Over a year has passed since President Biden and Vice President Harris took office, ushering in a new era of support for reproductive rights by a presidential administration. Though more work remains to be done, the Biden administration has taken a number of decisive steps in its first year to undo the harms of the Trump administration’s regressive policies and advance reproductive health access and equity in the United States and abroad.
The administration’s actions are ever more crucial since abortion rights in the U.S. are more at risk than ever, with the U.S. Supreme Court considering overturning Roe v. Wade and almost 50 years of precedent recognizing the constitutional right to abortion.
The Center for Reproductive Rights has engaged with the administration and federal agencies by making policy recommendations, commenting on pending rulemakings, and providing technical expertise on policies and programs related to reproductive rights and health. Since inauguration in January 2021, the administration has acted to improve maternal health, access to abortion, gender equality, funding for family planning services, and much more.
“We’re heartened by the Biden-Harris Administration’s progress on reproductive rights, sexual health, and gender equity and equality in its first year,” said Katherine Gillespie, Acting Director, Federal Policy and Advocacy. “We are currently facing the most hostile abortion landscape in the U.S. in decades, so we call on the administration to take even further strong and decisive actions.”
Improving Reproductive Health and Rights: The Administration’s Top 13 Actions
In the past year, President Biden and his administration have:
- 1. Championed critical legislation to advance reproductive healthcare.
The White House issued a statement in support of the Women’s Health Protection Act (WHPA)—which would protect the right to access abortion care nationwide—on September 20, 2021, before the successful House vote on this critical abortion access bill. On November 30, 2021, President Biden also signed into law the Protecting Moms Who Served Act—requiring the Department of Veterans Affairs (VA) to improve maternity care—the first of 12 bills in the Black Maternal Health Momnibus Act to be enacted.
- 2. Defended abortion rights in court.
In response to the passage of Texas S.B. 8, a law that has eliminated the vast majority of abortion access in the state, the Department of Justice filed the first-ever lawsuit by the federal government challenging the constitutionality of a state abortion restriction. In Dobbs v. Jackson Women’s Health Organization, challenging Mississippi’s 15-week ban on abortion, Solicitor General Elizabeth Prelogar submitted an amicus brief and participated in oral arguments on behalf of the United States and in support of the clinic.
- 3. Took administrative action to protect sexual and reproductive health access in light of attacks on abortion rights.
Department of Health and Human Services (HHS) Secretary Xavier Becerra, a longtime champion of sexual and reproductive health, also took action to protect the rights of abortion providers and patients seeking abortion. The Secretary:
- Launched an Intra-Agency Task Force on Reproductive Health Access: On the 49th Anniversary of Roe v. Wade, Secretary Becerra announced the creation of an HHS-wide task force to protect and bolster sexual and reproductive health care access. As part of this initiative, each HHS division must draft a plan outlining actions it will take to advance reproductive health access, including expanding relevant research and data collection, identifying and eliminating Federal policy barriers, and reducing the stigmatization of reproductive health care as distinct from other primary care services.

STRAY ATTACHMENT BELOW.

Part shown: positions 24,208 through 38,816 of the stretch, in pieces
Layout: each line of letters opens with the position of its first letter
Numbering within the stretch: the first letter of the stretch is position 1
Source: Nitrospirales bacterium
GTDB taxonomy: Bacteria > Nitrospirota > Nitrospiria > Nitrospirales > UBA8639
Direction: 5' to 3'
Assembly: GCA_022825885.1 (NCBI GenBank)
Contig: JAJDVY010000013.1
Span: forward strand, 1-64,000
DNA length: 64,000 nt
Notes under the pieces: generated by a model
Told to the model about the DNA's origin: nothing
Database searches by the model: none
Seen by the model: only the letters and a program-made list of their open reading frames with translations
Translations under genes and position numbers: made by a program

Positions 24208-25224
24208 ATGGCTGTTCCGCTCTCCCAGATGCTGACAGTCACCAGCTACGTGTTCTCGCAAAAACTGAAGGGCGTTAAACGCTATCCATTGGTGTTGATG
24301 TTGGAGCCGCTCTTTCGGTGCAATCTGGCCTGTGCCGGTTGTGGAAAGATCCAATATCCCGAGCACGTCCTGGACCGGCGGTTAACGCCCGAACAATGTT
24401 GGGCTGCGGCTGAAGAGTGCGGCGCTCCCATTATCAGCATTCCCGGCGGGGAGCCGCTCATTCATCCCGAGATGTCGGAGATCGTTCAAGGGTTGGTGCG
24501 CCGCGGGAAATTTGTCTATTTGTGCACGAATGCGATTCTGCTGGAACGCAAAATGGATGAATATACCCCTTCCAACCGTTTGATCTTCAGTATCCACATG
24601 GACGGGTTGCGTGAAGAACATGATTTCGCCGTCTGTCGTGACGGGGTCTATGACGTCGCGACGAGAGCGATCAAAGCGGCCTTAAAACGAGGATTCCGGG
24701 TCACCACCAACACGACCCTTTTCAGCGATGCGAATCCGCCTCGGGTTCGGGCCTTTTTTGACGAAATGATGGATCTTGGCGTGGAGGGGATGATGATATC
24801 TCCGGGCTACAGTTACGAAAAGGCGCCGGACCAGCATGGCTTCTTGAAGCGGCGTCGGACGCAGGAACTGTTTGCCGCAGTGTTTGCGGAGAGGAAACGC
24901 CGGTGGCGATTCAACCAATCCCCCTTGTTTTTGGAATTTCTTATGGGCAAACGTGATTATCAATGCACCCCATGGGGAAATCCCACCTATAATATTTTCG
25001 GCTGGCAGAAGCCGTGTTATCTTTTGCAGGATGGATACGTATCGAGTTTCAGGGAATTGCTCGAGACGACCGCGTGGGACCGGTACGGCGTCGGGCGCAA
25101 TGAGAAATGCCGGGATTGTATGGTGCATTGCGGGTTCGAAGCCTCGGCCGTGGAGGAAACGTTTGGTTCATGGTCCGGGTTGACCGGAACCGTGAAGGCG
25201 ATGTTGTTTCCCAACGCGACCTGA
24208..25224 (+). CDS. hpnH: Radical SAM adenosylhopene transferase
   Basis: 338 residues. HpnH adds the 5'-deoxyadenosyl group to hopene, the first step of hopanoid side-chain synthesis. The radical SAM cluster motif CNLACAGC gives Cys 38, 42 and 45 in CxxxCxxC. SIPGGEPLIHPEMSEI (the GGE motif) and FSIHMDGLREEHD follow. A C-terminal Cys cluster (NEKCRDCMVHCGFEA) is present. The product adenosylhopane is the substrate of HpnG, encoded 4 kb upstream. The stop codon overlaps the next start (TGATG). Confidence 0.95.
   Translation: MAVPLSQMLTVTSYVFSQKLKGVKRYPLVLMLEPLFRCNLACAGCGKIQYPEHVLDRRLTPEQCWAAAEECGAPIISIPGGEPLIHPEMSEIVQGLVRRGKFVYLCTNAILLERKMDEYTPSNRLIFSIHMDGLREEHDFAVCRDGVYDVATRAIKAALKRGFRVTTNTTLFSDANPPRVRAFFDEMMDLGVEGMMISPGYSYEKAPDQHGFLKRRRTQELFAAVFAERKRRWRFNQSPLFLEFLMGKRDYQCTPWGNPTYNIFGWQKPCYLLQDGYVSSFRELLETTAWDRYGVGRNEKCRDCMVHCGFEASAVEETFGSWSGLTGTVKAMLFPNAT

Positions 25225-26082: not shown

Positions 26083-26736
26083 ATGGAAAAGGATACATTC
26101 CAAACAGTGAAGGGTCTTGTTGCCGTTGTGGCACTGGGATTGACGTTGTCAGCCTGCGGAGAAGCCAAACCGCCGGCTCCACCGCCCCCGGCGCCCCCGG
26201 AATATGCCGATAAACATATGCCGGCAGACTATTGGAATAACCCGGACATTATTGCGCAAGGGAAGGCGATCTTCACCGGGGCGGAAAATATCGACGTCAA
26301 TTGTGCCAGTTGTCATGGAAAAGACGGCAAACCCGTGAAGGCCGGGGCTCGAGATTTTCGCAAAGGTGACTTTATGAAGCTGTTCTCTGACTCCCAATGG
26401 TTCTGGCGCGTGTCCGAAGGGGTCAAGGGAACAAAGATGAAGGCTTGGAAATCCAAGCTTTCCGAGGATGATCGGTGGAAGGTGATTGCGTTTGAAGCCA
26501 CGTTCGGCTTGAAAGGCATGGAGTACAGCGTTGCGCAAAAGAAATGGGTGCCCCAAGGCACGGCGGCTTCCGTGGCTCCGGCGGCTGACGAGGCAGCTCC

- Affirmed the Church Amendment’s protections from discrimination for abortion providers: The Office of Civil Rights released guidance affirming that the Church Amendment prohibits discrimination related to employment or staff privileges against health care providers based on their participation in abortion or sterilization.
- Issued Guidance to Providers on HHS’s Enforcement of Emergency Medical Treatment and Labor Act (EMTALA): The Centers for Medicare & Medicaid Services issued a memorandum to health care providers reinforcing the long-standing legal requirements under EMTALA to provide “stabilizing medical treatment” to pregnant patients or patients experiencing pregnancy loss who present at emergency departments with an emergency medical condition.
- 4. Supported policies to end racial disparities in maternal health care.
In addition to signing the Protecting Moms Who Served Act, President Biden issued the first-ever proclamation on Black Maternal Health Week in April 2021 and highlighted his initial actions to address the health disparities faced by Black mothers and parents, including the approval of the first state Medicaid Waiver to expand postpartum Medicaid access to one year. On December 7, 2021, Vice President Harris announced a Call to Action to Reduce Maternal Mortality and Morbidity, which highlighted the maternal health provisions and investments in the Build Back Better Act and a proposal by the Centers for Medicare and Medicaid Services (CMS) to create a “birthing friendly” hospital designation. The Call to Action also promoted new guidance from CMS to state Medicaid agencies encouraging them to extend postpartum Medicaid coverage through the American Rescue Plan.
- 5. Established the White House Gender Policy Council.
On March 8, 2021, President Biden issued an executive order establishing the first-ever Gender Policy Council to advance gender equity and equality. With input from the Center and other stakeholders, the newly-created Council developed the first-ever National Strategy on Gender Equity and Equality, which includes significant commitments to expanding sexual and reproductive health care and addressing persistent inequities, bias, and systemic racism in health care.
- 6. Repealed the Domestic Gag Rule and expanded access to Title X funds.
A new rule, which took effect November 8, 2021, governing the Title X family planning program, made steps to advance health equity and repealed burdensome restrictions enacted under the prior administration on Title X funding that required health care providers to physically segregate abortion services from family planning services. HHS Secretary Becerra also announced Title X grants to providers in light of the increased need for family planning services. Thus far, the agency has awarded $7.35 million in supplementary grants to Title X providers in states across the country.